Rio de Janeiro: A Lesson in Wholeness

Why did the competitors who finished last in the summer Olympics so often seem rioexhilarated? They dedicated entire lives to excelling at their sport. Winning was their goal. How can they be so happy in the face of defeat?

This year’s presidential election represents another type of training and competing – but not just among candidates. It also drives the hard work and dedication of those who support them, hoping to promote causes dear to their hearts.

This year toxicity achieved an all-time high, human decency and basics of logic at times tossed to the wind, the two even confused with or dismissed as mere “political correctness.” Abandoning our humanity traumatizes. It robs us of respect for self and others alike. It leaves us suffocating in a toxic waste dump of suspicion, hate, and fear.

This particular political juncture will soon end, at least for the current set of candidates. But what about the rest of us? How do we preserve our humanity and wholeness, after being bombarded with such destructive divisiveness?

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Think Small, Live Whole

Big things happen. Some big things are bad. So are many of their consequences.

In their aftermath, going from day to day can be challenging. Though a number of such consequences relate to state of mind, many do not. The real world pragmatic impact of disaster and adversity must also be addressed. How we proceed in these tasks may change how we see ourselves. Perhaps for the good: we find resilience we didn’t know we had, and adjust our self-view accordingly.

But change takes getting used to. Is this really me? How do I hang olooking up at treesn to any sense of “me”-ness, when the world that shaped and supported me has crumbled? Must I find something else big, some heavy-duty effort, to compete with the impact of major adversity?

Not really. It’s the little things that bring us back.

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Peace Like a River

big benRight now is all we have. That’s it, the sum of our existence.

Yes, we do plan for an expected future–probabilities certainly suggest that time will continue its trek. And we can’t ignore that the past once was. That is where learning occurred, how we each accrued personal encyclopedias of how to be or do in the world. But experiencing peaceful presence in day to day life, and achieving genuine connectedness with fellow human beings–that only happens in the now.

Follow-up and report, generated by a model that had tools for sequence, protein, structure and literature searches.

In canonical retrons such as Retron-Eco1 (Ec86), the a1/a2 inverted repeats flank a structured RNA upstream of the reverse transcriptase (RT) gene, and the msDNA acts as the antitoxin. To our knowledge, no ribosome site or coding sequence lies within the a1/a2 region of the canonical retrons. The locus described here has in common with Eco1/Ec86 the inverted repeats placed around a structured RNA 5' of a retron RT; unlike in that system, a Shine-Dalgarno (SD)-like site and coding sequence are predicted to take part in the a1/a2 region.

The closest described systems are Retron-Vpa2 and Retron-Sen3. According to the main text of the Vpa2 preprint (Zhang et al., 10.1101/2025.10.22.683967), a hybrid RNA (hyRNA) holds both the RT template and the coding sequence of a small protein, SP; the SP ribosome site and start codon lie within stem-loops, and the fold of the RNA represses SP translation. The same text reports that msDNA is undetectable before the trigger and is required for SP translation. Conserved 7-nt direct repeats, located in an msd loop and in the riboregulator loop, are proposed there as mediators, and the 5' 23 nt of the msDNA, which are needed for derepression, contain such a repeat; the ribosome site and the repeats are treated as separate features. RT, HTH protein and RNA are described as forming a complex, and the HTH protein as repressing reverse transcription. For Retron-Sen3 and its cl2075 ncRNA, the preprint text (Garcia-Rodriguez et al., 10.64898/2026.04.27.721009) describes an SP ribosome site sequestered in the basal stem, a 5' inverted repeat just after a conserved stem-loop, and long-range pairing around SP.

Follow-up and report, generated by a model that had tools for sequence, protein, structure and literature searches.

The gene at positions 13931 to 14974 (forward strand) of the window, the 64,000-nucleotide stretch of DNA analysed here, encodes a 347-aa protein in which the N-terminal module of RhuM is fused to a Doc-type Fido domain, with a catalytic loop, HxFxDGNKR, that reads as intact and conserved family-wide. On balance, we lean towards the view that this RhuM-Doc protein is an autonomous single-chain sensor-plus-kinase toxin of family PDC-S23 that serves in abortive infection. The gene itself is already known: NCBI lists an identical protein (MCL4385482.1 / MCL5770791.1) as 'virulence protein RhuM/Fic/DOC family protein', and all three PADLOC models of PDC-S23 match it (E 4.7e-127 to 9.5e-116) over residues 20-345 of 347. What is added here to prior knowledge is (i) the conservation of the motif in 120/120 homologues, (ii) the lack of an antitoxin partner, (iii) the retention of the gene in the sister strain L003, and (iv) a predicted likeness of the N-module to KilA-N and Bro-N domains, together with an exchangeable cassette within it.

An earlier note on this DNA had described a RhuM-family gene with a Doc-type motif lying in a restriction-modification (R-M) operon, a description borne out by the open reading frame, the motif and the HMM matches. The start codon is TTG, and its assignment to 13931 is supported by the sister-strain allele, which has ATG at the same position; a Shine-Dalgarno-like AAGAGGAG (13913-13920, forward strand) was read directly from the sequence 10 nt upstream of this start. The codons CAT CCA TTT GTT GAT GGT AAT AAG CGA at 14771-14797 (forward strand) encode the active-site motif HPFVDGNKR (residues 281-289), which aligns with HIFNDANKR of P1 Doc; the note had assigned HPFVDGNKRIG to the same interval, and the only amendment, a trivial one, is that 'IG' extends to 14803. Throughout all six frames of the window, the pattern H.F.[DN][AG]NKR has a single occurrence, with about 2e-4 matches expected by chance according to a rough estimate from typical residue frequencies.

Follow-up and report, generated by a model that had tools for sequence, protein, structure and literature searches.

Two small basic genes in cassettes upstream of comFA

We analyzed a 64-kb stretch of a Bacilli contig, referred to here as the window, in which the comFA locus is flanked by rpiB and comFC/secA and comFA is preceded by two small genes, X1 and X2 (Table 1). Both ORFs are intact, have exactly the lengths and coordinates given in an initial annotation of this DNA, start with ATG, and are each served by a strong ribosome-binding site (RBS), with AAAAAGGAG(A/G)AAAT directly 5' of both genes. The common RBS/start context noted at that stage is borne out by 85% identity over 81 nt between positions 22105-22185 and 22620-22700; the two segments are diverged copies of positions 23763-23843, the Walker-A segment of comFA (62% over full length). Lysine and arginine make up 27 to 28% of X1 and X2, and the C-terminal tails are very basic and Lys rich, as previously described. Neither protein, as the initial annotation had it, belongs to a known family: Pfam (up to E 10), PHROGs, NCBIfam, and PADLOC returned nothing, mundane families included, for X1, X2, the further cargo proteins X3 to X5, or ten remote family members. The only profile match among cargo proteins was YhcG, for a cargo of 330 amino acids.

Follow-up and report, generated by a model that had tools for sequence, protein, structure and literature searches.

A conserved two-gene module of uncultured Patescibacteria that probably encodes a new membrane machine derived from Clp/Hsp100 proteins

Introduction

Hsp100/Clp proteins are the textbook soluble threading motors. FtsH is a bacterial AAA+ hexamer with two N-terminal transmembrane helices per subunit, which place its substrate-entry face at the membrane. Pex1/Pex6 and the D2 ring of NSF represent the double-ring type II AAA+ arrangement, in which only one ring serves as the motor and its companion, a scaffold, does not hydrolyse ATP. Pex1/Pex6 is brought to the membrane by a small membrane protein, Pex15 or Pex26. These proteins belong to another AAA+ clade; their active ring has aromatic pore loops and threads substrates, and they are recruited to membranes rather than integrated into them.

Now is as an ongoing flow, begging us to dip in our feet and appreciate its gentle currents. This is easier said than done in today’s world. Inner peace at times seems so evasive, so often dammed away somewhere upriver, leaving us to stew in our own juices. Judging, blaming, criticizing, uncertainties, fears, self-doubt–all prevent us from achieving the glow and peace of inner presence.

We do not purposely strive to be dysfunctional. If we did, our species would not have saber-toothed tigersurvived. On the contrary, roadblocks to peace are typically protective, standing guard for imminent threat or other forms of crisis. There is value in being constantly on the alert if the hostile tribe next door could attack anytime, or a saber-toothed tiger could be lurking around any corner. But most of us do not live in such a world. The adversities of modern society do not often require constant awareness of them in order to survive. But our neurochemistry does not know that.

Is it a lost cause, then? Are we slaves to the neurochemical dictates of trauma and survival? Continue reading

Why Are There Anniversary Reactions?

Another September 11th has come and gone. Remembrances were shared, stories told, honors given. We pick up, we move on.

Yet feelings may linger. Perhaps it is something you can’t exactly put a finger on–some timevague discomfort. Maybe it’s an unidentifiable sense of loss, anxiety, or anger. Whatever it is, it followed a crescendo as the date approached, and now slowly ebbs as time marches beyond.

Why do anniversary reactions happen? Not just on September 11th, but on any date marking an experience of trauma or loss? Continue reading

PTSD and the Brain

“I heard PTSD is tied to brain damage. Does that mean it’s forever?”

For many years science suggested that once the brain reached maturity, it stopped growing and replacing cells. If a person suffered brain damage, it was thought to be neuronpermanent.

This perspective has changed. We now know neurons in the brain form new connections throughout our lives. New learning is both facilitated and stored by way of such rewiring. Continue reading